Forbes India 15th Anniversary Special

Tackling India's oxygen emergency: Can there be a timely, cost-effective solution?

Hospitals and individuals are raising an SOS, civil society is on its toes, courts are stepping in, and industries are diverting resources for medical use. As caseloads increase, Forbes India explores the way forward to ensure timely and cost-effective access to oxygen for Covid-19 treatment

Divya J Shekhar
Published: Apr 23, 2021 04:59:51 PM IST
Updated: Apr 26, 2021 11:26:32 AM IST

Tackling India's oxygen emergency: Can there be a timely, cost-effective solution?

A public notice hangs outside Shanti Mukund Hospital notifying shortage of oxygen beds, on April 22, 2021 in New Delhi, India. Hospitals in several cities are facing an acute shortage of medical oxygen as Covid-19 cases rise rapidly.
Image: Amal KS/Hindustan Times via Getty Images

The HBS Hospital in Bengaluru was down to the last 1.5 hours of oxygen supply on April 22. 

At stake were the lives of 55 Covid-19 patients, 25 of whom were in critical condition in the ICU. The oxygen supply that was supposed to reach the hospital that afternoon had not arrived. Around 4 pm, Syed Tousif Masood, a volunteer with Mercy Mission, a coalition of more than 20 non-profits working on Covid-19 relief in Bengaluru, scrambled to arrange for supplies, only to find it in an oxygen plant in Hosur. The problem? The hospital was in Shivaji Nagar, which meant a journey of 80 kilometres to and from the oxygen plant. There was just no time to brave the city’s infamous traffic.

“The traffic police stepped in and created a green corridor, which helped us pick up and deliver oxygen supplies in a record 40 minutes. We reached the patients in the nick of time, when there was only 15 minutes of oxygen supply left,” says Masood. A green corridor is where traffic signals en route the hospital are controlled manually and kept green for an ambulance to pass. It is usually used in the case of an urgent organ transplant. 

Masood, who runs six oxygen centres in Bengaluru as part of the non-profit, says the 55-odd patients in HBS Hospital require 10-12 oxygen cylinders every day, with the capacity of one cylinder being about 200 litres. Covid patients need oxygen therapy when the oxygen saturation in the blood falls below 94 percent. “In the case of severe Covid cases, when the oxygen saturation level in the blood starts dropping, people consume at least 60 to 70 litres of oxygen per minute,” says Masood. Across Karnataka—which is heading for a lockdown this weekend—the state drug controller projects a total demand of 1,643 tonnes of oxygen per day across hospitals, while the current production capacity is around 812 tonnes.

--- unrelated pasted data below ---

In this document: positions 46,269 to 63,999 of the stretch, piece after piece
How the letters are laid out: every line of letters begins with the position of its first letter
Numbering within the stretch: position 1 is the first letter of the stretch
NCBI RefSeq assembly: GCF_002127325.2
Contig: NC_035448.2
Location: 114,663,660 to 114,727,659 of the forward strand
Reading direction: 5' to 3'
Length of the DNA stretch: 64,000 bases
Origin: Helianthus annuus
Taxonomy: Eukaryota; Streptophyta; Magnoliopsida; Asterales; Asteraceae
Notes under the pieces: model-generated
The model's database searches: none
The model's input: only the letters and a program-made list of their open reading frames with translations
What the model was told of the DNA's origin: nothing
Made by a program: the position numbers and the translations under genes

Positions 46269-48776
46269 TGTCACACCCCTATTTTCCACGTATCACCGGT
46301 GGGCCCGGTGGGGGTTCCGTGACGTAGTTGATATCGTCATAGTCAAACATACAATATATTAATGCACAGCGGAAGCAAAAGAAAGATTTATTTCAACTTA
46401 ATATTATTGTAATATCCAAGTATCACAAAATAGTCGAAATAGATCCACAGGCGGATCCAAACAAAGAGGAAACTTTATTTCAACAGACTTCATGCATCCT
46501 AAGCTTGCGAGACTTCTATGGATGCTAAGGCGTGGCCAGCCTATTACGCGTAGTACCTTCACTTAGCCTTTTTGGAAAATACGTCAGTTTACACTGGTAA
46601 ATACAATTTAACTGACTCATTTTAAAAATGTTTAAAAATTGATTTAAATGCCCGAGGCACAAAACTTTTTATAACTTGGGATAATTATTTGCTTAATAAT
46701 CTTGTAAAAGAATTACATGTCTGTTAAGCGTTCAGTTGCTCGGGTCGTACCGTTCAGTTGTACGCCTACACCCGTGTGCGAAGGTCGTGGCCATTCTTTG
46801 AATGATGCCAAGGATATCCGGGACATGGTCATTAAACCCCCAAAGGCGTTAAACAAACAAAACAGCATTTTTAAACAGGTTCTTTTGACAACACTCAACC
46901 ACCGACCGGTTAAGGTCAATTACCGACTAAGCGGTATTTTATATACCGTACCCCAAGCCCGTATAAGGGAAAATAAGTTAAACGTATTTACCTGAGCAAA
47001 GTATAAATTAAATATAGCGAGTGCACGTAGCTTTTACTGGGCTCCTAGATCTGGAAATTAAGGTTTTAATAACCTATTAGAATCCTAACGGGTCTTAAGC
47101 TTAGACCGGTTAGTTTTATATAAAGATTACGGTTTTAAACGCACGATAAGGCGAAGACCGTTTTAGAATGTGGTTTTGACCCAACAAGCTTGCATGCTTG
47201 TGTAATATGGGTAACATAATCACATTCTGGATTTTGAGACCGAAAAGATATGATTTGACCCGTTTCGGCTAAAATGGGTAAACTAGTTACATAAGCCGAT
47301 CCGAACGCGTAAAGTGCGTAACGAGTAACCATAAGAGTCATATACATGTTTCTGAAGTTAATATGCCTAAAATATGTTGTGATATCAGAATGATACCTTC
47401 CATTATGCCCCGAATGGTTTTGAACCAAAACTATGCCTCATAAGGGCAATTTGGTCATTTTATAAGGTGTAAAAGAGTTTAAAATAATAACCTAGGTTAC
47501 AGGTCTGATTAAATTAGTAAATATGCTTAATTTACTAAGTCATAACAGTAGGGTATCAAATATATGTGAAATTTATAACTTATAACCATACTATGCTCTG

While this is the case in Karnataka, regions including Delhi, Maharashtra, Gujarat, Uttar Pradesh, Bihar and Madhya Pradesh have also seen a big deficit in oxygen supplies to hospitals over the past few days. The SOS or calls for help on social media have somewhat reflected the scale of panic that people and the health care system is dealing with: On April 23, Max Healthcare hospitals in Saket, Delhi, treating close to 700 Covid patients, were still awaiting fresh oxygen supplies and had only less than an hour’s supply left. The day before, Fortis Healthcare had to send out an SOS to PMO India and other Union ministers as its hospital in Haryana had only 45 minutes of oxygen supply left. On the same day, the Shanti Mukand Hospital in Delhi requested doctors to start discharging whichever patient could be let go, as they had only about two hours of oxygen left. 

Countless individuals have also been taking to social media to request for urgent oxygen supplies for their friends and family members suffering from Covid-19. While community volunteers and civil society members have been actively working to fulfill as many requests as they can, over the past two days, the Delhi High Court and the Supreme Court have also stepped in, with the latter on April 22 seeking a detailed plan from the Centre for uninterrupted supply of oxygen and essential drugs. The Centre has invoked provisions under the Disaster Management Act, 2005, to disallow authorities to stop or divert vehicles carrying oxygen. This was done after hospitals in Delhi and UP complained that the Haryana government had stopped oxygen vehicles in transit, and PM Narendra Modi stressed on faster, uninterrupted transportation to the states.